Admitedly, the author also stresses the inherent danger of a federation which constantly reduces the powers of the central government and also the symbolic unfying function of the monarchy but the underlying message that the union would be strengthened if we, as Unionists, should attempt to accommodate as far as possible the naturally centrifugal forces of nationalism within a Union structure is one which needs further explaining because the recent constitutional history of the UK does not prove that assertion.

Similarly the premise expressed in the fifth chapter that Unionism and nationalism would find a meeting point in federalism is which would require a great deal more evidence. Yes, the SNP leadership does presently state that some form of social union (including, for example, a shared monarchy, currency) should follow Scotland’s splt from the United Kingdom but how far is that belief (which anyway would seem not to be shared by a large proportion of the SNP’s activist base not to mention virtually no one within the Irish or Welsh branches of Celtic nationalism) simply a pragmatic or opportunitist attempt to maximise the Yes vote in 2014?

In his final chapter, Melling explains the necessity of a “Constitutional Convention” which would set down the parameters for the future operation of the United Kingdom. He uses examples from elsewhere in the world such as Iceland and Canada to describe the different ways in which this could be approached.

In assessing this book, I should point out at this juncture that I am not a federalist, indeed in the perfect world I would roll back Blair’s devolution experiment. Nevertheless, speaking objectively there are I think three weaknesses in “The Reformed Union, the UK as a Federation”.

As far as I am aware, there are no other federal democracies in the world which contain such an integral part which has over 80 per cent of the whole’s population, so a UK federation which tries to operate with such an imbalance would be setting a precedent. The question of England and how it, the biggest part of our nation could be accommodated within the federal system isn’t really adequately examined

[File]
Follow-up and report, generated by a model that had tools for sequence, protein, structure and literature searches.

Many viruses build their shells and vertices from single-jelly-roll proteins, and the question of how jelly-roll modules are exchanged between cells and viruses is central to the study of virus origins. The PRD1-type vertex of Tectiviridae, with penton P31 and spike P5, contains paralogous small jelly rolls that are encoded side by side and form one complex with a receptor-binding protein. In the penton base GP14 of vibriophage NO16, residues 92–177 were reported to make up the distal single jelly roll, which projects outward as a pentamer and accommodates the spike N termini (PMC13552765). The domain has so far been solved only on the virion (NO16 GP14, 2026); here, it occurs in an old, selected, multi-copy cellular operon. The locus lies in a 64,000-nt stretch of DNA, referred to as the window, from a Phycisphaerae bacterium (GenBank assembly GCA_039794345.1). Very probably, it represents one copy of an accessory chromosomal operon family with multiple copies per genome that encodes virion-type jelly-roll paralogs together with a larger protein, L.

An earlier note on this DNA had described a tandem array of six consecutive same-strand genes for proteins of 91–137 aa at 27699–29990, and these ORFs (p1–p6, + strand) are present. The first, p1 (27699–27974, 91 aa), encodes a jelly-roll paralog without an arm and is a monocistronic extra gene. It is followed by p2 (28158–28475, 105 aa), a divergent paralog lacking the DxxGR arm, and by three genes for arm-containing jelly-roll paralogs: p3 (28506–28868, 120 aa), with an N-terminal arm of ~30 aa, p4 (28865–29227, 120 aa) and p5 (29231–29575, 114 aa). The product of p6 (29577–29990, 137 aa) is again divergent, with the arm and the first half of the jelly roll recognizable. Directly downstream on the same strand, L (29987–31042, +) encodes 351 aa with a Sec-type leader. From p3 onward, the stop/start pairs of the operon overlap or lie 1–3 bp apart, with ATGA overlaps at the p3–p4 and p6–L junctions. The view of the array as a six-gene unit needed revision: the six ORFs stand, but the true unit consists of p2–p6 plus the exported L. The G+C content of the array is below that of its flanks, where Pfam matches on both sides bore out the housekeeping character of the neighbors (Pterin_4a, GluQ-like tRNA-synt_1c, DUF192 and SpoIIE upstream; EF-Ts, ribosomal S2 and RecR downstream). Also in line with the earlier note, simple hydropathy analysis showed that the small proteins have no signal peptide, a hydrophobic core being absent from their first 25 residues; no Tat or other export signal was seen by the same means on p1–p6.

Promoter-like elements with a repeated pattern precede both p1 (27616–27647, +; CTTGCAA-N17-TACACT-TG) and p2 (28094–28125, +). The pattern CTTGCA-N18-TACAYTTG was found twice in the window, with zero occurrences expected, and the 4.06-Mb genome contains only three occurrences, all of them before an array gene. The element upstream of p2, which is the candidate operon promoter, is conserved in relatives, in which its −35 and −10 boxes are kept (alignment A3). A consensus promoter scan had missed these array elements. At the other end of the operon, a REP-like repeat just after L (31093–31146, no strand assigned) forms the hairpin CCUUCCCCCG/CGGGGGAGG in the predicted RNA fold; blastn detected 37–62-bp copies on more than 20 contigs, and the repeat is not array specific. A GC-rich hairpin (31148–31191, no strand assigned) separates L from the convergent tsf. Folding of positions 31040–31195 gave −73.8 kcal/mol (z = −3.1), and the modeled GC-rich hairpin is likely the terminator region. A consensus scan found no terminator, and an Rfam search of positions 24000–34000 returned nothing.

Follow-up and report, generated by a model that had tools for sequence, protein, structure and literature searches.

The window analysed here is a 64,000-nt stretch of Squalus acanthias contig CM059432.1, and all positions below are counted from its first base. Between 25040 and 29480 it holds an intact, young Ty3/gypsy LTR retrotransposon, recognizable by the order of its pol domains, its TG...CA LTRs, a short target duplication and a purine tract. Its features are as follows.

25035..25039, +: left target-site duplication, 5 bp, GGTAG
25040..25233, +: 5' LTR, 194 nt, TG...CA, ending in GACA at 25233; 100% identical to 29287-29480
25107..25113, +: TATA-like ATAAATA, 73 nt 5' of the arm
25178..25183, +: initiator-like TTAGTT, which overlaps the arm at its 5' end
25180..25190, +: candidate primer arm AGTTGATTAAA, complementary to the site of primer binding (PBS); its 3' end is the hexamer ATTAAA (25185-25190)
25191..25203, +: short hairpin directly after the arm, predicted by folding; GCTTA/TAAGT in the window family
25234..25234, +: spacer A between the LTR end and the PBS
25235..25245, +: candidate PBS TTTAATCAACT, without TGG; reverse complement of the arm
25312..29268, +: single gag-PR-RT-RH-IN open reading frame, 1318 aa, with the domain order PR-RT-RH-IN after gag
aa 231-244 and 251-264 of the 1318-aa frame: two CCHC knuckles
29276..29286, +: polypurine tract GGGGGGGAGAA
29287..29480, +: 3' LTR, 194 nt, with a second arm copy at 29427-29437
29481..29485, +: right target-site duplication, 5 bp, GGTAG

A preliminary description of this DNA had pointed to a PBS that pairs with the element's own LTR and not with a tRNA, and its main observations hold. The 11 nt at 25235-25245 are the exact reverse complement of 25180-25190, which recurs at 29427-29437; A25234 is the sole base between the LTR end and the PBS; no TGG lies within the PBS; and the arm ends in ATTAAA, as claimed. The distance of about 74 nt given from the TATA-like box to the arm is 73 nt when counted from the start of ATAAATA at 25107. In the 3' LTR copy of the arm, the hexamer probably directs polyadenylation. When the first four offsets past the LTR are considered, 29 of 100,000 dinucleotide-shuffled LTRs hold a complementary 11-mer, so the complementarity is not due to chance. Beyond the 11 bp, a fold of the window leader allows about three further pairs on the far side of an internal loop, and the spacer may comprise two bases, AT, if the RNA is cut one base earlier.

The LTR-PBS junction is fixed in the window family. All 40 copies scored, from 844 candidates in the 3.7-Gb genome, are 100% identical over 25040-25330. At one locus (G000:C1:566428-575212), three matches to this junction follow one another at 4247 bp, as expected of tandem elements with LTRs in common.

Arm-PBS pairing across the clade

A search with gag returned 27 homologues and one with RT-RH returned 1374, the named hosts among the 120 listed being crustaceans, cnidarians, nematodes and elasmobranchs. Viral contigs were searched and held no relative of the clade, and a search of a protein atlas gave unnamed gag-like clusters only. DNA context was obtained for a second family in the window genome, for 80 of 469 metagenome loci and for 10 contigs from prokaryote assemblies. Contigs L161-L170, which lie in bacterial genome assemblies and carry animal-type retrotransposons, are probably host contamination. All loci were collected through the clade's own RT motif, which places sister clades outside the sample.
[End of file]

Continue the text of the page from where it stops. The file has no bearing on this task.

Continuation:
Secondly, I felt, due to its recent traumatic past,  Northern Ireland’s role needed a much closer consideration than Melding afforded it here. It’s true that Northern Ireland did act, to all intents and purposes, as fully autonomous state from 1922-1972 but it would be much more difficult in the present time for its political, financial and cultural ties to suffer the inevitable loosening that a federation would bring about.

I also think that too big an assumption is made with regard to the goodwill of nationalists towards the constitutional future of the land we share. There is not really too much of a common ground with unionists outside economic matters. Why should we be negotiating the future of our nation with political parties whose raison d’etre is its destruction?

However the book is elegantly written and outside the three points I have mentioned, both methodical and cohesive. More particularly, it opens up the debate for the future of the United Kingdom and that is important because the great weakness of the Unionist political elite (for want of a better word) has been a great reluctance to get involved in the discussion at the groundfloor; simply repeating the mantra “Better together” is not good enough. David Melding has, in contrast, thought deeply about the Union and gone to the time and trouble of setting down in print his future vision.

For anyone interested in the future of the Union or even just generally in British politics, I do thoroughly recommend ” “The Reformed Union, the UK as a Federation”.

“The Reformed Union, the UK as a Federation” can be purchased from iwa here; the Kindle version can be accessed here.

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18 comments

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  1. Scarecrow78

    As far as I am aware, there are no other federal democracies in the world which contain such an integral part which has over 80 per cent of the whole’s population, so a UK federation which tries to operate with such an imbalance would be setting a precedent. The question of England and how it, the biggest part of our nation could be accommodated within the federal system isn’t really adequately examined